As labour costs rise and local tastes change, the Japanese Government’s support of the whaling sector increasingly seems like a bad investment
Naturally, the industry has made attempts to increase demand, predominately through nostalgic marketing campaigns aimed at older citizens – whale meat being a familiar taste from their childhood. Success has been limited, though, with whale meat being increasingly unpopular among younger generations. “Most young Japanese prefer hamburgers,” Captain Paul Watson, Founder and CEO of the Sea Shepherd Conservation Society, told World Finance. “In fact, there are more vegans and vegetarians in Japan than there are people eating whale meat.”
Excess supply has caused prices to fall significantly – so much so that the meat started to appear on school lunch menus in 2007. That same year, The Telegraph discovered ‘whale bacon’ was being offered as a bar snack in Tokyo for as little as £3 ($3.70). Northern Japanese fast food chain Lucky Pierrot, meanwhile, began selling whale burgers for $3.50 as early as 2005. At the time, the company said it was hoping to increase the meat’s popularity among locals. There have even been reports of it being used as pet food.
Despite the fall in demand, a survey conducted by Sakuma found that 70 percent of Japanese people support whaling, as it is a point of national pride. “Some people who don’t eat the meat support the industry for nationalistic reasons,” Watson explained. This sentiment is clearly expressed on the Japan Whaling Association’s website, which seeks to justify the country’s whaling practices on its question and answer page: “Asking Japan to abandon [its whaling culture] would compare to Australians being asked to stop eating meat pies, Americans being asked to stop eating hamburgers, and the English being asked to go without fish and chips.”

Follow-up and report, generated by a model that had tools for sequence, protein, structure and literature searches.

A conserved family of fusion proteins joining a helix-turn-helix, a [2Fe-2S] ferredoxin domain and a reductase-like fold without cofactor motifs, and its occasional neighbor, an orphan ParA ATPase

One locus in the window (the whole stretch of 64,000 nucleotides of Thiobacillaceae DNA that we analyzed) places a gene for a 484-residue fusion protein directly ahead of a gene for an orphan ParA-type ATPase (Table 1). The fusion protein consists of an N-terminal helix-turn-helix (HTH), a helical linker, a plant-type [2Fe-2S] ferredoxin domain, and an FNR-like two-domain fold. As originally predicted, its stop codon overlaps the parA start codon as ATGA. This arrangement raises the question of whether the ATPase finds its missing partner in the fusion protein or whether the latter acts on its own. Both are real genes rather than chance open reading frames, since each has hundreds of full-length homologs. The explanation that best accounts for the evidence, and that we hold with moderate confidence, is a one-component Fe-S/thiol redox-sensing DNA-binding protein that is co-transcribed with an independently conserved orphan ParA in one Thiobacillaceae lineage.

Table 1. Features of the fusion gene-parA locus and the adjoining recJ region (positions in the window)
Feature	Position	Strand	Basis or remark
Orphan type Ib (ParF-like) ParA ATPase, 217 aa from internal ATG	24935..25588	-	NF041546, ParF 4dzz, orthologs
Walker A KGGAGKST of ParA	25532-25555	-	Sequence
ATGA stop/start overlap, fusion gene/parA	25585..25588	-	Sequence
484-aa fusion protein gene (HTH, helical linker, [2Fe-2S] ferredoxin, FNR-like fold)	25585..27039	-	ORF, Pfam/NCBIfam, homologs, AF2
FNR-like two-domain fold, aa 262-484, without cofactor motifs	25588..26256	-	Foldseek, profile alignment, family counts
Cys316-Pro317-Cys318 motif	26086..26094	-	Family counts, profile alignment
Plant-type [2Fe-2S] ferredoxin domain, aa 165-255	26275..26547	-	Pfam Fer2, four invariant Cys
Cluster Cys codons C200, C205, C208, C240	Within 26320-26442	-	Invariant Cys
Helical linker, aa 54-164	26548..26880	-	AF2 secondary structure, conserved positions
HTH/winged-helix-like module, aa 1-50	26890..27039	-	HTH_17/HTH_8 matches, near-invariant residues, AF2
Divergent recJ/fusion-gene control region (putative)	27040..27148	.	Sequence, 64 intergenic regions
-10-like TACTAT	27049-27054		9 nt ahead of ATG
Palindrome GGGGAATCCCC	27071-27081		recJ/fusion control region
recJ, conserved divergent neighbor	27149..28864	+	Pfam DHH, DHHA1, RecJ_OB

Moronuki agrees with the website’s outlook: “It should be the people living in [a] respective region [who] decide what they eat in accordance with… availability… and in accordance with their culture, history, religion and so on. If you force others not to eat what you do not eat – since you do not have such [a] background – it is regarded as… cultural imperialism.”
In troubled waters
When asked why Japan had resumed commercial whaling, Moronuki told World Finance: “Japan is surrounded by the ocean and therefore has been dependent on marine living resources as one of [its primary] food sources [since] ancient [times]. We believe that marine living resources, including cetaceans, should be properly used in [a] sustainable manner based on science.”
The problem, however, is that the industry itself is unsustainable, relying heavily on government subsidies. According to The Washington Post, the Japanese Ministry of Agriculture, Forestry and Fisheries has allocated $463m to support the industry this year alone. “Commercial whaling in Japan exists only by virtue of massive government subsidies,” Watson explained. “Without these subsidies, the industry would die. The demand for whale meat in Japan is about one percent. There are thousands of tons in cold storage they can’t sell – it’s a glorified welfare project.”
And while the industry only employs around 300 people, these positions are often hard to fill thanks to Japan’s tight labour market – amid increasingly problematic labour shortages, the whaling industry has to compete with the higher wages offered by more lucrative subdivisions of the seafood market, such as crabbing and tuna fishing. As labour costs rise and local tastes change, the government’s costly support of the sector increasingly seems like a bad investment.